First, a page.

on the estate

The spirit and aesthetic of a natural habitat are central to our culinary philosophy. If not in the kitchen, Jordan chefs can usually be found in the hills and meadows of the Jordan Estate throughout the year. Amid the gnarled oak trees, they forage for wild porcini, miner’s lettuce, chamomile, mint, yarrow, rosehips, prickly pear, mulberry, onions and more, coaxing out a sense of terroir, similar to our winemaking process. There is nothing fresher and more distinctively Jordan than collecting a garnish or another ingredient from the rolling hills or between the rows of vines just prior to any culinary event at Jordan. Our hospitality team shares the same inspiration and philosophy in floral arrangements and place settings, incorporating the lichen found draped in our oaks, moss, eucalyptus, branches and even the beautiful stone found throughout the estate. Ultimately, we hope our guests take with them a deeper understanding of this special place and a lovely memory to accompany their next enjoyment of a Jordan wine.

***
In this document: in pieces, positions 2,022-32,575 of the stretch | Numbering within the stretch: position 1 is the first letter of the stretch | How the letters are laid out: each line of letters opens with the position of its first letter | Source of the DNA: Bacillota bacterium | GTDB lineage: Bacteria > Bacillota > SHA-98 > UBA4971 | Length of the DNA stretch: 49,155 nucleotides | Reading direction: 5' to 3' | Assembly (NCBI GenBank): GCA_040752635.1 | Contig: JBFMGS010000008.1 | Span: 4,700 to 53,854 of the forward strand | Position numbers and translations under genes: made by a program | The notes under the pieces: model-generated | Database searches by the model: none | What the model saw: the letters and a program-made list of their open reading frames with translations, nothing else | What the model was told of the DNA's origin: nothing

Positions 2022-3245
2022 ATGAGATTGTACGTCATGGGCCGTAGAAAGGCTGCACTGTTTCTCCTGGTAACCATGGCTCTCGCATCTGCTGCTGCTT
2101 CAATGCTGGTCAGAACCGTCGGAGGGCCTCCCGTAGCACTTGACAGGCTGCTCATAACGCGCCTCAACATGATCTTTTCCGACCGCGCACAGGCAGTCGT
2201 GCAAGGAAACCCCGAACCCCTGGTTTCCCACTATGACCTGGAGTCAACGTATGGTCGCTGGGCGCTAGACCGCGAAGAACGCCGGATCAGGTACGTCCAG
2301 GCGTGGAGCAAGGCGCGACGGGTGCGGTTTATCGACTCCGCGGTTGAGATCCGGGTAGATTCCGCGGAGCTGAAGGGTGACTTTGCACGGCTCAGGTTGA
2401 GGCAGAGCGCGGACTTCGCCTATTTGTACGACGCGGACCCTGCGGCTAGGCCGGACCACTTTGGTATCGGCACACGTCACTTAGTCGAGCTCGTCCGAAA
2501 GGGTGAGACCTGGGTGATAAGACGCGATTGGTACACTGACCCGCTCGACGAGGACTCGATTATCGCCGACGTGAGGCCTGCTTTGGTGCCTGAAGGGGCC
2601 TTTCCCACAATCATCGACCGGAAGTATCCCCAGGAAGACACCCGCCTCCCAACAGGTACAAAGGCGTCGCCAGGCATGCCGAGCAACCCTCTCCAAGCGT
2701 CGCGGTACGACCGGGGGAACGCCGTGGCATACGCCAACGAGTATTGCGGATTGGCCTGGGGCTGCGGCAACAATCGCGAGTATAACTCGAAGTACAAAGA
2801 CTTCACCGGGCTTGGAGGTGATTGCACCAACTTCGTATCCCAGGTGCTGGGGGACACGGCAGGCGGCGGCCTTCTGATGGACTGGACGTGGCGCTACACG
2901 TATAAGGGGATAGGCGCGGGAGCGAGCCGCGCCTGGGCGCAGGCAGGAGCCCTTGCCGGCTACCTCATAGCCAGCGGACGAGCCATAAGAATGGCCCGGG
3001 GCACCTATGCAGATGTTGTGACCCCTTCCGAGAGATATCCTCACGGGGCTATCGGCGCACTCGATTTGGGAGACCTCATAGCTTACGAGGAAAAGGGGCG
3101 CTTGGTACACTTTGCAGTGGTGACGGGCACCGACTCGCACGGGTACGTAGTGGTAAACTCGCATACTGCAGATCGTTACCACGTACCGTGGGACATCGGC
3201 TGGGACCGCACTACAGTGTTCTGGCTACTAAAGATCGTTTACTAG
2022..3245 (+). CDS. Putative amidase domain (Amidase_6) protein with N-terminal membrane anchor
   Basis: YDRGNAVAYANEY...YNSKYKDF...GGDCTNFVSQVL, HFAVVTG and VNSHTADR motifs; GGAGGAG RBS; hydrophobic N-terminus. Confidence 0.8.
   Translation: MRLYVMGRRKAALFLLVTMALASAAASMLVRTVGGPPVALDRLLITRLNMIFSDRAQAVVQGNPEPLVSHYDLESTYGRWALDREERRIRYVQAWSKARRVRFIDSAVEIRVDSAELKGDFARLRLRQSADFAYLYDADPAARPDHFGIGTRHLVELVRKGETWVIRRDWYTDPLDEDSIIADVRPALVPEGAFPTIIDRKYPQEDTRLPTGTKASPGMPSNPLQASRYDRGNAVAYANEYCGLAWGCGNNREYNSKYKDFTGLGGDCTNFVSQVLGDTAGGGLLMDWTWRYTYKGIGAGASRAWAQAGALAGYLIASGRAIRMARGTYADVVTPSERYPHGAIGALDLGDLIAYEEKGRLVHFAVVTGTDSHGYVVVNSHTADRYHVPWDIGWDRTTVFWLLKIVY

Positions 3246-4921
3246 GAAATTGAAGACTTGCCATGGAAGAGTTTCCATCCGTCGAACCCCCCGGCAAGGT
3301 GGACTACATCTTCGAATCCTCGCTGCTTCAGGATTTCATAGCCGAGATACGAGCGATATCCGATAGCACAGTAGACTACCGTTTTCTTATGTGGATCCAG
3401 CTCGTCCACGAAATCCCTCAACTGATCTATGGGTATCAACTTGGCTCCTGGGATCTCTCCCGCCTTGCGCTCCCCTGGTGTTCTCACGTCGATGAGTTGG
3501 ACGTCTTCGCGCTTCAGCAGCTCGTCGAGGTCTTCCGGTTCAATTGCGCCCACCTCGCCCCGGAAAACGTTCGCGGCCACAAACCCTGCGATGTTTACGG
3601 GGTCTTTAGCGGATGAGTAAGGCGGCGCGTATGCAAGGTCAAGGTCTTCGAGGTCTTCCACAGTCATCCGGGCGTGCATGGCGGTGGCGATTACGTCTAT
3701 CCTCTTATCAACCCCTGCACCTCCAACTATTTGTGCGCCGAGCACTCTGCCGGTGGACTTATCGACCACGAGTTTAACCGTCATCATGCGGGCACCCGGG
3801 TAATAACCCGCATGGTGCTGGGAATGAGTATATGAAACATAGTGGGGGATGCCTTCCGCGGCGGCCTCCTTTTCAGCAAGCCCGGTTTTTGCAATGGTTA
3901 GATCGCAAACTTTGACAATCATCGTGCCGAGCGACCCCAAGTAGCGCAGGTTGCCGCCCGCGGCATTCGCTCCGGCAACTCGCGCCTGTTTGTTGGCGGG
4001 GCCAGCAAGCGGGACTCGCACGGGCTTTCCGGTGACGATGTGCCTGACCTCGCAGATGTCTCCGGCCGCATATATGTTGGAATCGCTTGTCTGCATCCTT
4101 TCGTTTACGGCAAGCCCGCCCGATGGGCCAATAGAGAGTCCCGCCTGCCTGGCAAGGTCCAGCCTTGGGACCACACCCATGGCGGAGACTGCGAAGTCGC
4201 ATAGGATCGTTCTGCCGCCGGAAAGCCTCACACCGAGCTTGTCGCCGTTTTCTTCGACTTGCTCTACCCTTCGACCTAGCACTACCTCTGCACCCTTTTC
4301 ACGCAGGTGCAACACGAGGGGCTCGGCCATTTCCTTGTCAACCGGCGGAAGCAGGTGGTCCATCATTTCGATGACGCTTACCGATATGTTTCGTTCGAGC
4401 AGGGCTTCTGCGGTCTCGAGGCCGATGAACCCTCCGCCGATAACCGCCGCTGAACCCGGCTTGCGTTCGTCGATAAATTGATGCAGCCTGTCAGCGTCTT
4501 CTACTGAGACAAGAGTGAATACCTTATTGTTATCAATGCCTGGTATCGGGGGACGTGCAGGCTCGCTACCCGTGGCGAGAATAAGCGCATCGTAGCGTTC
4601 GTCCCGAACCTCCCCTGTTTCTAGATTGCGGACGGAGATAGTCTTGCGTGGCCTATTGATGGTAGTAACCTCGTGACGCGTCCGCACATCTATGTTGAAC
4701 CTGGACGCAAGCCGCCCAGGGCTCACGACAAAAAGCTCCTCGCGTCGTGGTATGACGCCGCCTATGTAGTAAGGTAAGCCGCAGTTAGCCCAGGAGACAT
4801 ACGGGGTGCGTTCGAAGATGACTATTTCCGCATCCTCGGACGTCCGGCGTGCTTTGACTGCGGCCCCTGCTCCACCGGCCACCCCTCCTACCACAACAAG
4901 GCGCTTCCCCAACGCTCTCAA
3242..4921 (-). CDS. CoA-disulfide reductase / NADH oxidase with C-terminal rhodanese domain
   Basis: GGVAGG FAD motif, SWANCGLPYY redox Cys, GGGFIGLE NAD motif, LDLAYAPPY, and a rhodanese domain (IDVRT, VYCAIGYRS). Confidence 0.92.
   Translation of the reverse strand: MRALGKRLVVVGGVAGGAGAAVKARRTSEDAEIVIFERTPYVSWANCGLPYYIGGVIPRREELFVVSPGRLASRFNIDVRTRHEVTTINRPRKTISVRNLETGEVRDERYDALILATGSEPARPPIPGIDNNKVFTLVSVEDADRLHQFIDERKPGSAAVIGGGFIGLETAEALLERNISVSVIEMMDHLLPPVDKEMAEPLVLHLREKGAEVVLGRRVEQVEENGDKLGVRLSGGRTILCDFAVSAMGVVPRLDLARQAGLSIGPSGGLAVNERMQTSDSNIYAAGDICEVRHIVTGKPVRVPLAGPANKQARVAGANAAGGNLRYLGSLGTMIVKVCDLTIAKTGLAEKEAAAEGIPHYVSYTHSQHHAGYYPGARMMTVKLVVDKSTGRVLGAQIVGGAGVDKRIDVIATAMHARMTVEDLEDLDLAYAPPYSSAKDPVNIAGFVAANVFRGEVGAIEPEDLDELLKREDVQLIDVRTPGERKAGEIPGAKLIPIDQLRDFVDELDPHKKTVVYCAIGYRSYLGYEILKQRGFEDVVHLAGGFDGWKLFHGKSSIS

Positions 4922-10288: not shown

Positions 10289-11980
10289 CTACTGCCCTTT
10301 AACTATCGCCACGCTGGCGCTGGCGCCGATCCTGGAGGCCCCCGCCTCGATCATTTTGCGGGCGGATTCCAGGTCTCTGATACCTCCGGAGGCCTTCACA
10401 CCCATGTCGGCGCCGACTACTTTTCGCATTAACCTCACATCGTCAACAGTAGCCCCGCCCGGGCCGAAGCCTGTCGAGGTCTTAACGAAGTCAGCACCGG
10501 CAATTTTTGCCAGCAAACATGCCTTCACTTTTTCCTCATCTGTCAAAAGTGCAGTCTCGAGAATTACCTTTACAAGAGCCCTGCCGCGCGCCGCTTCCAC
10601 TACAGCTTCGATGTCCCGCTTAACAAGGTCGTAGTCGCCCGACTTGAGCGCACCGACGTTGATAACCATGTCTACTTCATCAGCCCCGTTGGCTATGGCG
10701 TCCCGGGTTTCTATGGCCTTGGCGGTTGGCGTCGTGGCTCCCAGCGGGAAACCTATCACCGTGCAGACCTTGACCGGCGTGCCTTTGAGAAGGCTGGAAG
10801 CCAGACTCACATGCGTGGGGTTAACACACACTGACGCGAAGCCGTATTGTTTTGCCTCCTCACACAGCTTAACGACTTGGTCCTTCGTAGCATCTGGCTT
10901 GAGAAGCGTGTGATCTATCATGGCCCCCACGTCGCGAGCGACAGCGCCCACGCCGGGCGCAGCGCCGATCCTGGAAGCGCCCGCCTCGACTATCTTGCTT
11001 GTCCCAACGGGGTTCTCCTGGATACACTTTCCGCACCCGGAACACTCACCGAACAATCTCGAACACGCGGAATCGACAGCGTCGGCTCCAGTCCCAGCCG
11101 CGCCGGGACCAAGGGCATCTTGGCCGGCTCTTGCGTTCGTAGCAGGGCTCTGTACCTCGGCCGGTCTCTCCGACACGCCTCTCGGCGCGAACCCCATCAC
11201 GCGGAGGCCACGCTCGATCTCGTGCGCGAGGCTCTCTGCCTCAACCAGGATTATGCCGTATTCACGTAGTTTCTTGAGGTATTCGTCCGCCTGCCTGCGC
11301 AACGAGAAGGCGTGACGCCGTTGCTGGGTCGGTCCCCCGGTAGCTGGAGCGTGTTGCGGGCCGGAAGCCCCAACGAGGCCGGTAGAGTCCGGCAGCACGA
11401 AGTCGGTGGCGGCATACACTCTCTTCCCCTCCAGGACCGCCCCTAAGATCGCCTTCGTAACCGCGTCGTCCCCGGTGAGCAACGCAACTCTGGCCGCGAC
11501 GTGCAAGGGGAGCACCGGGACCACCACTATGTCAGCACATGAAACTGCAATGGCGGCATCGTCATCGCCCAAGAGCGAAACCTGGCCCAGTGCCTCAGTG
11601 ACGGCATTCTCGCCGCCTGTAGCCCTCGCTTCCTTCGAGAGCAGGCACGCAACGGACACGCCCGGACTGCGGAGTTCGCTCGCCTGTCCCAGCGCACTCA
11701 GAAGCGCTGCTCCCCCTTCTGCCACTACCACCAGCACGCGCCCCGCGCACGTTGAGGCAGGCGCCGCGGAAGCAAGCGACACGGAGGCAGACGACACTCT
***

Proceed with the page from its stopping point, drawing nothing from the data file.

Homemade sea salt used in Jordan house caviar

ocean foraging

To create the Jordan Chef’s Reserve Caviar, our culinary team takes a few empty jugs kayaking or boating off the Sonoma Coast shore and collects saltwater and kombu (a mineral-rich type of kelp). We then lug the five-gallon containers filled with pristine coastal water and kombu back to the winery where we dehydrate the kombu and then let it infuse with a chilled bath of the collected salt water for three days before the kombu is removed and final evaporation occurs, making the caviar’s essential cure. Tsar Nicoulai then sustainably harvests the roe from 100 percent California white sturgeon raised at the company’s farm in Sacramento County before the infused sea salt is applied.

A Deeper Look

Shells filled with sea salt

Preserve Travel Memories with Foraged Souvenirs

A box filled with foraged plants in a field

Foraging: An Integral Part to Jordan Cooking